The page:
I had been studying American literature with James Woodress, who of all the professors in the department had the strongest national reputation. I had always thought of him as being formal, but I also knew he believed in American literature in all of its aspects, including lesser-known writers and minor literary trends. So I went to his office, which was on the second floor of Sproul.

I sat in front of his desk while he sat behind it, with a metal bookshelf behind him. I hemmed and hawed about my progress toward the upcoming exams, and he nodded. I told him I was still poking around at a prospectus, and he nodded. I told him I was interested in the western novel, and I asked if he might be willing at least to take a look at a prospectus on the topic.

He leaned back against the metal bookcase, which was lined with scholarly books he had written and scholarly volumes he had edited. “Any time,” he said, in a tone that reassured me.

It was an important moment in my life, as I was fully aware. Here was a professor of national rank, who had nothing to prove and nothing to apologize for, and who was willing to see me through. I had dared to ask him because I knew that if he said yes I could trust him. His unreserved answer told me he had confidence in me and in the work I could do.

Professor Woodress did see me through. Shortly after I gave him my prospectus he came up to the T.A. floor, not wasting any time, and said, “This is all right.” He saw me through the qualifying exams and then the dissertation, which took me too long but which I did finish with pride. My only surprise came at the end, when he told me that the dissertation was fine but it had too much scholarly apparatus in the form of footnotes and bibliography.

Also during this time, Woodress read and complimented me on a couple of short stories I had succeeded in getting published. He encouraged me to write my first journal articles and book reviews, all on western subjects. Years later, when my first western novel was published, he read it and wrote me a fine letter of congratulation. We have kept up a correspondence through the years, and he has always encouraged me in the projects I have chosen to undertake.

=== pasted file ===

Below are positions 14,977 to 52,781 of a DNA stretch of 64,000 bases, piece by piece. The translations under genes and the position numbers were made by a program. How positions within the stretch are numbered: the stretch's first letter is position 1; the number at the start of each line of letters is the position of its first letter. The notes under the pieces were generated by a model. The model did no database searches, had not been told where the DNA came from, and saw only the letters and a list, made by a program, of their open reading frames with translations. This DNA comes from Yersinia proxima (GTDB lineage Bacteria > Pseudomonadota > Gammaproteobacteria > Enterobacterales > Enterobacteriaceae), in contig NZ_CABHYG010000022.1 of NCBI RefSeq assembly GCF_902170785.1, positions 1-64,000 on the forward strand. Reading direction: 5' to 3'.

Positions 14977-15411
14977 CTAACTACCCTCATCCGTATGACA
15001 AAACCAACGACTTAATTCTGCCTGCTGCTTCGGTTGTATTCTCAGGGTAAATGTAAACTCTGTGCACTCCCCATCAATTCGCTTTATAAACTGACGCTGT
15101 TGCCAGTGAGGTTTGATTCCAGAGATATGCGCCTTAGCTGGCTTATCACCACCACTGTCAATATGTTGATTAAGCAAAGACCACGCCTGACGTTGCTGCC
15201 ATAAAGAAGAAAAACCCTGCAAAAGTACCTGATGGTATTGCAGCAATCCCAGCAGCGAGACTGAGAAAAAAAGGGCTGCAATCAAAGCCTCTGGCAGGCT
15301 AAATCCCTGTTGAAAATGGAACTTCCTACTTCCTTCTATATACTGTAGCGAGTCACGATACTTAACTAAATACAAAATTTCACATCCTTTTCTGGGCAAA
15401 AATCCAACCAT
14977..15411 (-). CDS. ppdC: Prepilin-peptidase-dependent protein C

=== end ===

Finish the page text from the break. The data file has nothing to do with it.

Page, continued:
Getting a graduate degree at a major university is a mixed experience. We remember moments of intellectual excitement, of malice, of absurdity—and other moments somewhere in between. At about the time I was finishing my dissertation, another professor, who perhaps thought he was helping, stopped me in the hall and volunteered his advice. He said I should abandon Western American literature because others would think it was trite. He went on to say, “Unless you want to stay working in landscaping and gardening—and there’s nothing wrong with that—you should pick something more serious.” This moment has stayed with me, in contrast with that greater moment a few years earlier, when Professor Woodress leaned back in his chair and expressed his confidence and support.

Nearly twenty years later, I am still working in my chosen profession. My teaching duties include Western American literature, and I have the freedom to write fiction about the American West. I value beyond words the education I received in the UC system—the variety of courses and professors, the vast libraries, the open-ended stretches of reading and studying. I have always felt I took part in a great tradition of learning. It is a tradition enriched by professors such as James Woodress, who believed in the tradition and took time to encourage a boy from the country.

This is an article I wrote for the UC Davis Alumni Magazine. It was published in Fall 1998. I have decided to share it again.